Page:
Irvine Again Puts Off Decision on Overturning Airport Commission Rejection of Hotel and Office Project

County of Orange

A private business jet at John Wayne Airport.

Developer Greater Far East again will have to wait to see if the Irvine City Council is willing to overturn an airport commission’s decision that denied the developer’s hotel and office building project near John Wayne Airport due to safety hazards.

In a unanimous vote Tuesday, the council delayed the vote a second time, but, unlike two weeks ago, they’re now seeking an independent aviation expert to help them decide how they’ll vote because different government bodies — local, state and federal — have two conflicting positions on the project.

“I need to put my trust in someone to help me resolve that conflict,” said Councilman Jeff Lalloway, who made the motion to hire a consultant and bring the issue back for a vote Sept 12. “When public safety is involved, this is way too important of an issue just to dismiss.”

The Federal Aviation Administration ruled the project is an obstruction, but not a hazard, while the John Wayne Airport Land Use Commission and the California Department of Transportation have both determined the project is a safety hazard.

Registered lobbyist for Greater Far East, Tim Strader Jr., said the developer is looking to bring onboard an aviation expert with 37 years of aeronautical experience, but the prospective expert was on vacation this week. Strader said the developer was fine with having the decision pushed back so they could bring in an expert analysis.

However, resident Joe Daichendt, who urged the council to let stand the commission’s denial of the project and who said he has over 2,000 hours of flying experience, opposed relying on the developer’s expert.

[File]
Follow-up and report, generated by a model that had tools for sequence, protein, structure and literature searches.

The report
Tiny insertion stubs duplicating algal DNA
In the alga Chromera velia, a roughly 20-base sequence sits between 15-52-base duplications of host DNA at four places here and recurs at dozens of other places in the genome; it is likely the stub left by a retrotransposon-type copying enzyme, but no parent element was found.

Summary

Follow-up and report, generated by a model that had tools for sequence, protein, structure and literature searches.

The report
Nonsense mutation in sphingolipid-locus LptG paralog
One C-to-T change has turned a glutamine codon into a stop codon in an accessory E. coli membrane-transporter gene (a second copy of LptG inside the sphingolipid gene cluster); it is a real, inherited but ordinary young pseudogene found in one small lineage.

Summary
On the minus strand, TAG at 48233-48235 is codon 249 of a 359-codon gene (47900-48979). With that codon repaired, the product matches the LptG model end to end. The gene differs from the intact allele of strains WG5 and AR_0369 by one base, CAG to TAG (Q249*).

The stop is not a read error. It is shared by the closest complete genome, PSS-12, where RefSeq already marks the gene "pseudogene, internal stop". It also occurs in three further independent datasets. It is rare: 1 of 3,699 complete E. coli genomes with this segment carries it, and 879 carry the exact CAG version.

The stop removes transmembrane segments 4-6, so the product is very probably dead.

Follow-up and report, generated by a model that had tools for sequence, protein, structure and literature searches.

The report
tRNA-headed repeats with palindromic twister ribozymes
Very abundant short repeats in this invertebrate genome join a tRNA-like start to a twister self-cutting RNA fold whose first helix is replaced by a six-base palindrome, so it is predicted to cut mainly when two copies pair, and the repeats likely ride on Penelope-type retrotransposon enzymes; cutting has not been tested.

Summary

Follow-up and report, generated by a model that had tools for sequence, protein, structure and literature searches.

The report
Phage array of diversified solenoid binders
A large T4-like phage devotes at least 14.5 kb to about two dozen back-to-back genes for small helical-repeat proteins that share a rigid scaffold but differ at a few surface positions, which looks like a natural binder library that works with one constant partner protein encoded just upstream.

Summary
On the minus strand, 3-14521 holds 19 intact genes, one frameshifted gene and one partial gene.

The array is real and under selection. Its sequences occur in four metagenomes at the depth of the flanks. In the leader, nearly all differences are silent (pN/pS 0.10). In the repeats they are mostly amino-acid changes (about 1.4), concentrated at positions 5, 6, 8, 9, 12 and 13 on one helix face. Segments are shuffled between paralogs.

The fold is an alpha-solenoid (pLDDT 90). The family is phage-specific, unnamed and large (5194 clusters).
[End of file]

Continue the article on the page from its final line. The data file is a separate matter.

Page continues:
“I appreciate that the developer is willing to bring in an expert, a consultant — a hired gun — to provide an opinion that it’s not an issue, but that’s a paid-for opinion,” Daichendt said during public comment.

Lalloway echoed Daichendt’s concerns during council deliberations and said he is “hesitant” about using a developer-provided expert “because they are paid for and are on (Greater Far East’s) side.”

At its April 20 meeting, the airport commission said it’s too dangerous to have any building near John Wayne Airport exceed 206 feet above mean sea level (AMSL). In developer Greater Far East’s proposal dubbed “The Landmark Project”, the office building is 301 AMSL and the hotel is 253 AMSL.

There are various buildings near the proposed project zone that are above the commission’s threshold, according to the city staff report, which also recommends the council overturn the airport commission’s decision.

“I live hundreds of feet from the project site,” Daichendt said, stressing the importance of protected airspace. “Every approach path that comes into John Wayne is carefully scrutinized, as with all airports across the country.”

Mayor Pro Tem Lynn Schott said she would like more information to help her vote.

“I still don’t have the level of comfort that I need to approve this item tonight,” Schott said. “I think that we shouldn’t be in a hurry when it comes to public safety.”

Meanwhile, Councilwoman Christina Shea said while she respects safety, she doesn’t want to keep delaying.

“I’m always for safety,” Shea said. “I just don’t want to string this out for months and months.”

The council will need four out of five votes to overturn the commission’s decision, according to the State public utilities code that also establishes airport commissions.

Lalloway offered Tuesday’s motion to bring onboard an independent consultant to help make the council make its decision at its Sept. 12 meeting.

The Landmark Project could bolster revenues for Irvine and help make up for the expected $1.3 million sales tax revenue loss in the 2017-2018 budget.

The 386 room hotel, which will also have ground-level shops and restaurants is expected to garner about $632,000 in hotel tax in the first year of operation. After that, it could generate up to $1.3 million a year, according to the staff report. Also, after the both buildings are fully developed, they are expected to produce $270,000 annually in property taxes.

Spencer Custodio is a Voice of OC reporter who covers south Orange County and Fullerton. You can reach him at scustodio@voiceofoc.org.